An Easy Solution to PVP Bounds and Cabal Hell
gershomb at gmail.com
Wed Apr 1 04:22:24 UTC 2015
Recently there has been some discussion about how we can fix the problem of “Cabal Hell”. Some people advocate restrictive upper bounds, to prevent packages from being broken by new updates. Some other people point out that too-restrictive bounds can lead to bad install plans, since some packages might want newer versions of some dependencies, and others older versions. Still other people say that we can _retroactively_ fix upper bounds (in either direction) by modifying cabal files using the new features in Hackage. Some people think this is a terrible idea because it looks like we are mutating things, and this confuses hashes. In turn, these people support either nix or a nix-like approach by which packages have hashes that encompass the full versions of all their transitive dependencies. With that in hand, we can cache builds and mix-and-match to build the precise environment we want for each package while reducing redundant computation. However, the cache of all the various binary combinations may still grow large! And none of this fully begins to address the dreaded “diamond dependency” problem.
Here is a chart of some such solutions: http://www.well-typed.com/blog/aux/images/cabal-hell/cabal-hell-solutions.png
One way to look at a particular build is in an n-dimensional state space (of the Hilbert sort) determined by all its dependencies, not least the compiler itself. The solver acts as a particle traversing this space. But this description is too simple. Our state of dependencies and constraints itself varies and grows over time. So another approach is to think of the dependencies as a transitive graph, where each node may vary along a time axis, and as they slide along the axis, this in turn affects their children. We now have not just one Hilbert space, but a collection of them related by branching trees as authors locally modify the dependencies of their packages.
If we keep this simple model in mind, it is easy to see why everyone is always having these debates. Some people want to fix the graph, and others want to simplify it. Some people want an immutable store, and some people want to rebase. But we can’t “really” rebase in our current model. Bearing in mind our model of a space-time continuum of hackage dependences, the solution emerges — enforce immutability, but allow retroactive mutation.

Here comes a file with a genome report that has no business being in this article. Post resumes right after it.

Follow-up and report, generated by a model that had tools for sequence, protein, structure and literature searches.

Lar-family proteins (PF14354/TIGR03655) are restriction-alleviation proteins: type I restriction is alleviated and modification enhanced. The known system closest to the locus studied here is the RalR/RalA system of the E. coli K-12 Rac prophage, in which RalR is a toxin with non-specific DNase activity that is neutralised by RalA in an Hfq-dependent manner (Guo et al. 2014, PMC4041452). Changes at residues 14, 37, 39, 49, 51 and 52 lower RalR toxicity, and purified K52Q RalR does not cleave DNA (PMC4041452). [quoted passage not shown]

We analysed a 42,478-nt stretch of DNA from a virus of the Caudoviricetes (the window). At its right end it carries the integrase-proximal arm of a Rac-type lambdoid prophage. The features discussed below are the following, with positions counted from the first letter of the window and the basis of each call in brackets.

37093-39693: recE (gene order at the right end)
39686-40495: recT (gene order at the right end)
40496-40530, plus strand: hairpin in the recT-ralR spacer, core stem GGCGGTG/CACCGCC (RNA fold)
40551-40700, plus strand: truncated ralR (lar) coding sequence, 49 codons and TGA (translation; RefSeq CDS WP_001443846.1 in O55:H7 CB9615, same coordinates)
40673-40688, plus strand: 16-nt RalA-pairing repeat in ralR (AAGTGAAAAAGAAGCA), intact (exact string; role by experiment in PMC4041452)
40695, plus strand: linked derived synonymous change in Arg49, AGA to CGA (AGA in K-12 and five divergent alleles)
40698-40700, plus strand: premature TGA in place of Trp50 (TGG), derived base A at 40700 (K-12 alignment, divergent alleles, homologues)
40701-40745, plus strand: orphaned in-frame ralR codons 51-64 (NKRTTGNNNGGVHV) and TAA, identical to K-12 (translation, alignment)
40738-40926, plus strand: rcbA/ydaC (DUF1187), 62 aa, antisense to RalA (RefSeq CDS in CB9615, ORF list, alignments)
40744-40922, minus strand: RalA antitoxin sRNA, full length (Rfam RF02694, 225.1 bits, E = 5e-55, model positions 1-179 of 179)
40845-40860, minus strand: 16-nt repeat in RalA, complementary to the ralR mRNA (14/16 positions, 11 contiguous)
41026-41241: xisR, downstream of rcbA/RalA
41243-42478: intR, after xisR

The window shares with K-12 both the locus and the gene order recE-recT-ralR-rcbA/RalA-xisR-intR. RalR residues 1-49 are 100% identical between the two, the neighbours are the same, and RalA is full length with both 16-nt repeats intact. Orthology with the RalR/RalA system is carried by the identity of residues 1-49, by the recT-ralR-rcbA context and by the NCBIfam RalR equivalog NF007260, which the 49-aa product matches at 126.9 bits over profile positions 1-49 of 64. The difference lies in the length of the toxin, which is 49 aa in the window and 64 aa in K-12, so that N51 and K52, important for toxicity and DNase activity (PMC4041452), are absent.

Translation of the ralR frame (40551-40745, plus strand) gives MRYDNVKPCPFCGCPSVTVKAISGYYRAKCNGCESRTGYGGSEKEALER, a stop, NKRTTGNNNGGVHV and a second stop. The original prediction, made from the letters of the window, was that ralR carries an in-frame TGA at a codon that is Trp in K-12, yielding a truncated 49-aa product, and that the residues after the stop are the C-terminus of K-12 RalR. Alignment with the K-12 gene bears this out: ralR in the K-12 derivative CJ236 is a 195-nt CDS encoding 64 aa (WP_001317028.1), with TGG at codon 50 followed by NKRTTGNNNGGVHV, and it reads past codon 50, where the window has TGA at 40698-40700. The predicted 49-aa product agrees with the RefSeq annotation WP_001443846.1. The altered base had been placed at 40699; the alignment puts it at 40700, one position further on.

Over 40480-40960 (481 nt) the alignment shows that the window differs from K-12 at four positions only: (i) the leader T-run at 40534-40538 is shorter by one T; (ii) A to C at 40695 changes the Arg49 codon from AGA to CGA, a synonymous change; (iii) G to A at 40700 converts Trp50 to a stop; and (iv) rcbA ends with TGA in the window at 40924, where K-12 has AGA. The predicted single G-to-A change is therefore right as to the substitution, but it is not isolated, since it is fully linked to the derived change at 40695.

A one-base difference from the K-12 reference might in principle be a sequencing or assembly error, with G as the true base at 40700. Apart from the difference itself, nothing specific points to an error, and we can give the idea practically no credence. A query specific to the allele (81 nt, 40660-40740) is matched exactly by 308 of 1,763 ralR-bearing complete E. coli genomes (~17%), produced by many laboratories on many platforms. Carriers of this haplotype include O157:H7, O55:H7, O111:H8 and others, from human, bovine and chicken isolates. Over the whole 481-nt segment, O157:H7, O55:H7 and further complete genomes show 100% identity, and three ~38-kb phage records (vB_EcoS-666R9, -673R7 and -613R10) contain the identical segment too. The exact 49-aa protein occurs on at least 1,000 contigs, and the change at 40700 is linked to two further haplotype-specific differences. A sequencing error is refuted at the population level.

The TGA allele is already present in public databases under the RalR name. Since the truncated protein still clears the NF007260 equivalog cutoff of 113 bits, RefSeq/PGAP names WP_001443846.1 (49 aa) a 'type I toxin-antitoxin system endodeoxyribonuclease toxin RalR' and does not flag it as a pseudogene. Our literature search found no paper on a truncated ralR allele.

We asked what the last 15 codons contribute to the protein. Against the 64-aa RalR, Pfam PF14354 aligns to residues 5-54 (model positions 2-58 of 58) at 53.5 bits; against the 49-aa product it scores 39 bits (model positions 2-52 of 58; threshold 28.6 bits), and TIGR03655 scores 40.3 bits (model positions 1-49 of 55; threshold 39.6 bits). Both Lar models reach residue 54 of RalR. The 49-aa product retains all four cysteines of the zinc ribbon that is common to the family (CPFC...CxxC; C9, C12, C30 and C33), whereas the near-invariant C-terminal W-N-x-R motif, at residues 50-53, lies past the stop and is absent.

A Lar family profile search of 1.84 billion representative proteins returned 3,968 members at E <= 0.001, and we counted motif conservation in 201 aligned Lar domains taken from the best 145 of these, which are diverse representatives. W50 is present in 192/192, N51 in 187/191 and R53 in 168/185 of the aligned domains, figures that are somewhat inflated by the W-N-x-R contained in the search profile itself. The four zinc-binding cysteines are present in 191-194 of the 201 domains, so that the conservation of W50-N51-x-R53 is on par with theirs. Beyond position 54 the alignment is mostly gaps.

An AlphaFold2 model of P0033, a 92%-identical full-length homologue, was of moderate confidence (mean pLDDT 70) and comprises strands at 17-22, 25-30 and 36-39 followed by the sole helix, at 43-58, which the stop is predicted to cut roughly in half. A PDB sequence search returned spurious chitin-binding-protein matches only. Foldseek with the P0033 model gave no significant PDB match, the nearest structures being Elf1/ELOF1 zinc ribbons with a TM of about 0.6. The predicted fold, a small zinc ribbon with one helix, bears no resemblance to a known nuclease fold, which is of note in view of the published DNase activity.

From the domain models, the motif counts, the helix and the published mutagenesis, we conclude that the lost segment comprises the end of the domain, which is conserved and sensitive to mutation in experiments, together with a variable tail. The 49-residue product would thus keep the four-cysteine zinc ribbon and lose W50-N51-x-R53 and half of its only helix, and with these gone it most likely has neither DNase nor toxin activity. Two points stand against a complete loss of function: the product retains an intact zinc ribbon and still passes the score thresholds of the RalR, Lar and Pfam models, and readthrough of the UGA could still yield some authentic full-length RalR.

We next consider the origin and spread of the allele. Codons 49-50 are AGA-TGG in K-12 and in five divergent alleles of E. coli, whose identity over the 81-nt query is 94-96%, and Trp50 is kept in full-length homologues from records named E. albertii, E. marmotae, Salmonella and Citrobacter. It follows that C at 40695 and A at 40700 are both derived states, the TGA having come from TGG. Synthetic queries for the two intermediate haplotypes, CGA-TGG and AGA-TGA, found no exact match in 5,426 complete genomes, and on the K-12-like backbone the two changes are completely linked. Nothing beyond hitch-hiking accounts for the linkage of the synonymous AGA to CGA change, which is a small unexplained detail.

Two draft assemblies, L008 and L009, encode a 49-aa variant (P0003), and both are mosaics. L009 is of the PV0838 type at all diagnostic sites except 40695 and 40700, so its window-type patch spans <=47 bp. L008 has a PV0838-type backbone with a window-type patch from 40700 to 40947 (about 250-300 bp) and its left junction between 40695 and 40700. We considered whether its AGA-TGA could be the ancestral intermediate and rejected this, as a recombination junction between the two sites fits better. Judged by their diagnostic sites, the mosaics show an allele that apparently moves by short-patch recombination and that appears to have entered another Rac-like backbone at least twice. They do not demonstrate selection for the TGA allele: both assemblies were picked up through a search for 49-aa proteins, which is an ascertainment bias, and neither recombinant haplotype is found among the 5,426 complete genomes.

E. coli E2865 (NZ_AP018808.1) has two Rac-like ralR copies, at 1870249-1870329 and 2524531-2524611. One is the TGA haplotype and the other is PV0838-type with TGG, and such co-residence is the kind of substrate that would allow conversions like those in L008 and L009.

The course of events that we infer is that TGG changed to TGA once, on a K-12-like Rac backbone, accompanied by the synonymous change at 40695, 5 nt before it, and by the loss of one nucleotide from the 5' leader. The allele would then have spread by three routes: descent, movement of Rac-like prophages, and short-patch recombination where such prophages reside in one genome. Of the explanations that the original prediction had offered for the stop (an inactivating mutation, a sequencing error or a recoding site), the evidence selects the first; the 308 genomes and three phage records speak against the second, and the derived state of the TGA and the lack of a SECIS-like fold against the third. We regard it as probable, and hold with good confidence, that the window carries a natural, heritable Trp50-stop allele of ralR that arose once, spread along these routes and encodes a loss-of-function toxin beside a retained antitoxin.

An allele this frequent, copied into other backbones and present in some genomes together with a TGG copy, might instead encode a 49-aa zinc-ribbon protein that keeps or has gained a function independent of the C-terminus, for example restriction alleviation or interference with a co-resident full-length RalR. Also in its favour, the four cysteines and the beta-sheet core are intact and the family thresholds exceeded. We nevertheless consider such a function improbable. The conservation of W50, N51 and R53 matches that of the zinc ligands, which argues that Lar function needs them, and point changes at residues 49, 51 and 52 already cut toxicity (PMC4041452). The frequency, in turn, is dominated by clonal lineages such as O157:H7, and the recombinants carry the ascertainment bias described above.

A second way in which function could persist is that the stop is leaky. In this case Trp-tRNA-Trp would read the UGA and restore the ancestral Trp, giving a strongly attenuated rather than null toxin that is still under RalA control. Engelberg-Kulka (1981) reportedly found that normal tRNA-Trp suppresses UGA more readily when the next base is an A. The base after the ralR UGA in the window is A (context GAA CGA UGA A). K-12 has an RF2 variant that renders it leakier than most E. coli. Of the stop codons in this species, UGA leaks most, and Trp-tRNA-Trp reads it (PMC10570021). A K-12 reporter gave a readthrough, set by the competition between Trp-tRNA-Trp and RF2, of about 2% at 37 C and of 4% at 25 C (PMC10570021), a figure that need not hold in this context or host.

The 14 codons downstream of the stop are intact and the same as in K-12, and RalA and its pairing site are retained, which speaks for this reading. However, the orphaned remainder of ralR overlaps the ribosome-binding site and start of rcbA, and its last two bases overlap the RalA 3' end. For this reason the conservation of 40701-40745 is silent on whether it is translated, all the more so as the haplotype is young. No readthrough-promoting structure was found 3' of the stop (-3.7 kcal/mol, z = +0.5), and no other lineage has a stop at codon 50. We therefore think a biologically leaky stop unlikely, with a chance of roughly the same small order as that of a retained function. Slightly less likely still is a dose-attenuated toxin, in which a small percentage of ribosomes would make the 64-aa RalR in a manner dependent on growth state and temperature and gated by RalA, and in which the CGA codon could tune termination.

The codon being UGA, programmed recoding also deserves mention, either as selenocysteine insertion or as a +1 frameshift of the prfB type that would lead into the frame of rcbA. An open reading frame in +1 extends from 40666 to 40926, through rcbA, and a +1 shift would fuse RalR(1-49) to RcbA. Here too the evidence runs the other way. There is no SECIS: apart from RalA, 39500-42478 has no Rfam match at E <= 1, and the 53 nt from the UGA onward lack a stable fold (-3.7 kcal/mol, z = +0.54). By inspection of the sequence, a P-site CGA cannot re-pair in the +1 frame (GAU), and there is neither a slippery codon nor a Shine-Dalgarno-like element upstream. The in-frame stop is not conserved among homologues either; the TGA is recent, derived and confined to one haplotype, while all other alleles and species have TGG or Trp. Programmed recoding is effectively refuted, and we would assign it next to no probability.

For instance, suppose Fred tries to install package Foo on Friday evening, but discovers that it depends on version 1.0 of Bar (released the previous Friday) that in turn depends on version 0.5 of Baz but Foo also depends on version 0.8 of Baz. So Fred branches Bar and changes the dependency, which in turn informs Betty, that there is also a 1.0 of Bar with different dependencies and we have forked our package timeline. On getting this message on Monday, Betty can merge by pushing with --force-rewrites and this goes back in the timeline and makes it so that Baz retroactively had the right dependencies and now Fred, as of the previous Friday, no longer has this problem. (That way he still has the weekend). Now the failed build is cut off temporarily into a cycle in the package timeline that is disconnected from the rewrite. We stash it with “hackage stash” until Monday at which time the dependency graph is 100 percent equalized and primed for new patches.
At this point we unstash Foo as of Friday and it is replaced by the Foo from the new timeline. Friday Fred needs to remain stashed lest he run into himself. The longer he can be avoided by his Monday self the better. Future work could include bots which automate pruning of artifacts from redundant branches.
If this description was too abrupt, here is a diagram with a fuller description of the workflow: http://bit.ly/15IIGac
I know there are some new ideas to take in here, and there is a little technical work necessary to make it feasible, but in my opinion if you can understand the current cabal situation, and you can understand how git and darcs work, then you should be able to understand this too.
Hopefully by this time next year, we’ll be able to say that our problems with cabal have been truly wiped from our collective memory.
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